3. There is not another 7am meeting until Wednesday fortnight.

Opinion: The habit of liberalism

Wednesday, July 1st, 2015 12:26 pm
[syndicated profile] lib_dem_voice_feed

Posted by Dominic Collard

I read somewhere that it takes 30 days to make a new habit. By all accounts, predictable behaviour is what the old brain likes. When it sniffs out something new, something out of the everyday ordinary, it’ll fire up the fragile in us and persuade our will power into a quick surrender. Any attempts to break with our norm will be wrestled from us. Until 30 days. At 30 days, the brain tells itself…. hold on, I recognise this, this thing you’re doing – carry on, nothing to see here. 30 days for the reluctant plodder to transcend into the regular jogger; 30 days until the ciggie quitter becomes the “No thanks I don’t smoke”-er.

30 days ago I made a decision to make a new habit. I decided I was going to care more about what happens next in our country. I was a bit nervous; ‘caring’ isn’t really something that comes naturally to me. I am a prolific helper of old ladies with heavy suitcases, and I will confidently stand by my record for apprehending dog walkers with a laissez faire attitude to canine bowel movements; but give me bad things happening elsewhere, to other people, and my default is to lurch for my off switch. Out of sight, ‘n all that. The “And here’s where your money will go to” bits of Comic Relief, the “Scenes some viewers may find distressing…” – these are my tea brewing moments. It’s appalling. I know it’s appalling. But, you know… habits!

So that’s why I joined the Lib Dems, 30 days ago. I had voted for them in the General Election, and they had lost gigantically. I’m not suggesting the former led to the latter, but somehow I felt responsible that I hadn’t done enough. So what better place to kickstart a habit for wanting things to be better.

The funny thing is, I think I must be a wonder of medical science, because this new habit of mine… none of it feels like it’s been a struggle so far. The old grey matter seems to have been roundly unfussed with this seismic shift in my new way of life. In fact, it seems to have positively enjoyed the new habit, welcoming it like a long lost friend. And perhaps that’s exactly what it is.

Perhaps this isn’t a new habit at all. Perhaps there’s nothing new for my brain to fight against. Perhaps I’ve been a Lib Dem all my life. Certainly the last 30 days haven’t seen any mind-blowing moments of sudden clarity, no thunderous Damascene conversion. I still believe in the things I’ve always believed in, still defending them when they’re being rubbished, still incredulous why absolutely everyone doesn’t agree with me on everything.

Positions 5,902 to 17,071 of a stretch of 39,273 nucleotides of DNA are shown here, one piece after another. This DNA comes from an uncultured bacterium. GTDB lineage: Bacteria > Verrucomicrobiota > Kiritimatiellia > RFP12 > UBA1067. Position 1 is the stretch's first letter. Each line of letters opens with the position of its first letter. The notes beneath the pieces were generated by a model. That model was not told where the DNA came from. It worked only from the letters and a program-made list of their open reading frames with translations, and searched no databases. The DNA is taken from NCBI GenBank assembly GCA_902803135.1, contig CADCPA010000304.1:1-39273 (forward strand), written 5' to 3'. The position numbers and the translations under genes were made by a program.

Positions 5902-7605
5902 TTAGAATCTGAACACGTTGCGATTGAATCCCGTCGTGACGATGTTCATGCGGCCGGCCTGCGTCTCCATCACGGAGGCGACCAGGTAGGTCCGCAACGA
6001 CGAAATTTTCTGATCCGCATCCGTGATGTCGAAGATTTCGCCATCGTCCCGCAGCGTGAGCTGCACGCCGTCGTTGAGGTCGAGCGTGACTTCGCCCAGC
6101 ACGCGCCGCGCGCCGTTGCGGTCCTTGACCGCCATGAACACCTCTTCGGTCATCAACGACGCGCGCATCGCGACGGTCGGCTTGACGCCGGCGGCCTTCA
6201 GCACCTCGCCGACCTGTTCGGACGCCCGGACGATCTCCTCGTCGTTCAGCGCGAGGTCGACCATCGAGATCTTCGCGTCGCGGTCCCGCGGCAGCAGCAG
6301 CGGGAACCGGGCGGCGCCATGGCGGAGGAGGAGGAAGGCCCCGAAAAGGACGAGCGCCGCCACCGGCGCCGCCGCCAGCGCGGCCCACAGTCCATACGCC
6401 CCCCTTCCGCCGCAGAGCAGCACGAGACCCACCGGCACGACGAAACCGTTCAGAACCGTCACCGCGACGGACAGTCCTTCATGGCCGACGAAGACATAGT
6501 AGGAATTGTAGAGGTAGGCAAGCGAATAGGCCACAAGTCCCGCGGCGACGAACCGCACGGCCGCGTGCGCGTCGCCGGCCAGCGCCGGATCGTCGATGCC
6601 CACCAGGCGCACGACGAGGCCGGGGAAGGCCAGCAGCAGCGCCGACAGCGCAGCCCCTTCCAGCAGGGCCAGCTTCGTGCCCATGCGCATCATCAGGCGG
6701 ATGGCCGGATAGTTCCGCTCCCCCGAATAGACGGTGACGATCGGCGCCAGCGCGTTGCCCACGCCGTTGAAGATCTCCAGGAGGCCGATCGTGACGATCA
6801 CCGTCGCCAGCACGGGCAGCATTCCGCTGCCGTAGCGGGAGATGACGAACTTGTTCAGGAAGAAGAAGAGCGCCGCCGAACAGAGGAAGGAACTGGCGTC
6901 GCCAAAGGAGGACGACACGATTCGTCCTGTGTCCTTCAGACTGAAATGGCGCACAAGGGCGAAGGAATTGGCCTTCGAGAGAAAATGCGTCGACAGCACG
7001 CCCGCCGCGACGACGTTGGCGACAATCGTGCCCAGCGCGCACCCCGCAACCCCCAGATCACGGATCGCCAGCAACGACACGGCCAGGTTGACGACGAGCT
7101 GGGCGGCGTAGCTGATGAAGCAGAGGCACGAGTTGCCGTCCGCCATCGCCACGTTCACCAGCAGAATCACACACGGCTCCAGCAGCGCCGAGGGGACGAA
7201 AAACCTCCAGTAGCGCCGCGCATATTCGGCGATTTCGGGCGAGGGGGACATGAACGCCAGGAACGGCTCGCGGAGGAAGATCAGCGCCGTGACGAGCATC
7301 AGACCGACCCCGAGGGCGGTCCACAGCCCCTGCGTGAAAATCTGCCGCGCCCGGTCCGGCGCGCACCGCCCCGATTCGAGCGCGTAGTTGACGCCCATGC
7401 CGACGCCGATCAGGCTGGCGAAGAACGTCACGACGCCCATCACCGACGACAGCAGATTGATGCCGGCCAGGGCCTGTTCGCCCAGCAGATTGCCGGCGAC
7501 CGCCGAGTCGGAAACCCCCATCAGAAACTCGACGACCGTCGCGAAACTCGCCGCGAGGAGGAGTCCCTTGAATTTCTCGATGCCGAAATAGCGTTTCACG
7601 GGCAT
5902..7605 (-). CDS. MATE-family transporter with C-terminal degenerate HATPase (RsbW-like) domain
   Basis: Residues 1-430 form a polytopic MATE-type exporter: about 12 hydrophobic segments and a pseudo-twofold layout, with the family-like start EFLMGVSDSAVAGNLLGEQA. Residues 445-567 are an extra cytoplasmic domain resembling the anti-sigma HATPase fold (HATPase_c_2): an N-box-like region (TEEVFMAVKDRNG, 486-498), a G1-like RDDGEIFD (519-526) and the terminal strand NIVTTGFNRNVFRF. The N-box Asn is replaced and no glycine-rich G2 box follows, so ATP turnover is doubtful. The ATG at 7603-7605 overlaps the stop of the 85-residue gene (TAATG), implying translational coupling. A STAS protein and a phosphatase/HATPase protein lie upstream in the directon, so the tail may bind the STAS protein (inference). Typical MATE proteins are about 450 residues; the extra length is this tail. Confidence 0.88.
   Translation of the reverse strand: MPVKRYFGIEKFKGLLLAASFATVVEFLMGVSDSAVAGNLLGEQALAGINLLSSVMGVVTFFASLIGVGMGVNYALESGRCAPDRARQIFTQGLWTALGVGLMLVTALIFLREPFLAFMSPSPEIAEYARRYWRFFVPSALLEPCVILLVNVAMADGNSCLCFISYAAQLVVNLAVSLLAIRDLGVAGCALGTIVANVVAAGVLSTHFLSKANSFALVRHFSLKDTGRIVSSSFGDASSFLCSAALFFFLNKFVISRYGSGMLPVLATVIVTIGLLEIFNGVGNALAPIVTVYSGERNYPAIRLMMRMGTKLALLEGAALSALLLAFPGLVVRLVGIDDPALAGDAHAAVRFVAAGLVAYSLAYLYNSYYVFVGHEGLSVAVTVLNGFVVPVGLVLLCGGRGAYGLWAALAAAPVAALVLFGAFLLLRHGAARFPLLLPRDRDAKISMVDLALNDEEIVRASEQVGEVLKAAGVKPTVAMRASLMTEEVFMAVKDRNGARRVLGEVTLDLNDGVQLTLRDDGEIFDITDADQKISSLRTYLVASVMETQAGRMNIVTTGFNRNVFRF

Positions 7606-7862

I thought being a member of a political party would mean placards and marches and leaflet folding and canvassing and long meetings in dusty village halls chaired by people called Kenneth. But it’s been nothing like that. I’ve had a chat over a pint with Norman Lamb, done a bit of research on fracking for a party colleague (conclusion – not a good thing!), and Tim Farron even let me help him out with an article for The Guardian. If you do take a notion to care more, the Lib Dems seems to be a place where you can turn that into actually doing useful stuff. It’s all been rather good fun.

I know, I’m not quite threatening a Nobel prize for political activism on the record of my first 30 days, and I know that we (‘we’ – sounds a bit funny that); that we won’t win anything with cosy chats and sideline hugging. I’m working myself in, slowly.

If, during those first 30 days, I had been close to surrender, then something happened on day 24 which would have pulled me back from the brink. I’m sure it would have done. I met someone who said that he had joined the Lib Dems because of an article I wrote. I don’t think I’ve ever politically awakened anyone. Awakening my children for school every morning is success enough. Maybe he’ll go on to awaken someone else. Maybe that’ll happen, over and over again. Like a ripple. Or a habit. An unbreakable habit.

* Dominic Collard is a writer and guest editor at http://blog.pearson.com

About This Blog

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Hello! I'm Jennie (known to many as SB, due to my handle, or The Yorksher Gob because of my old blog's name). This blog is my public face; click here for a list of all the other places you can find me on t'interwebs.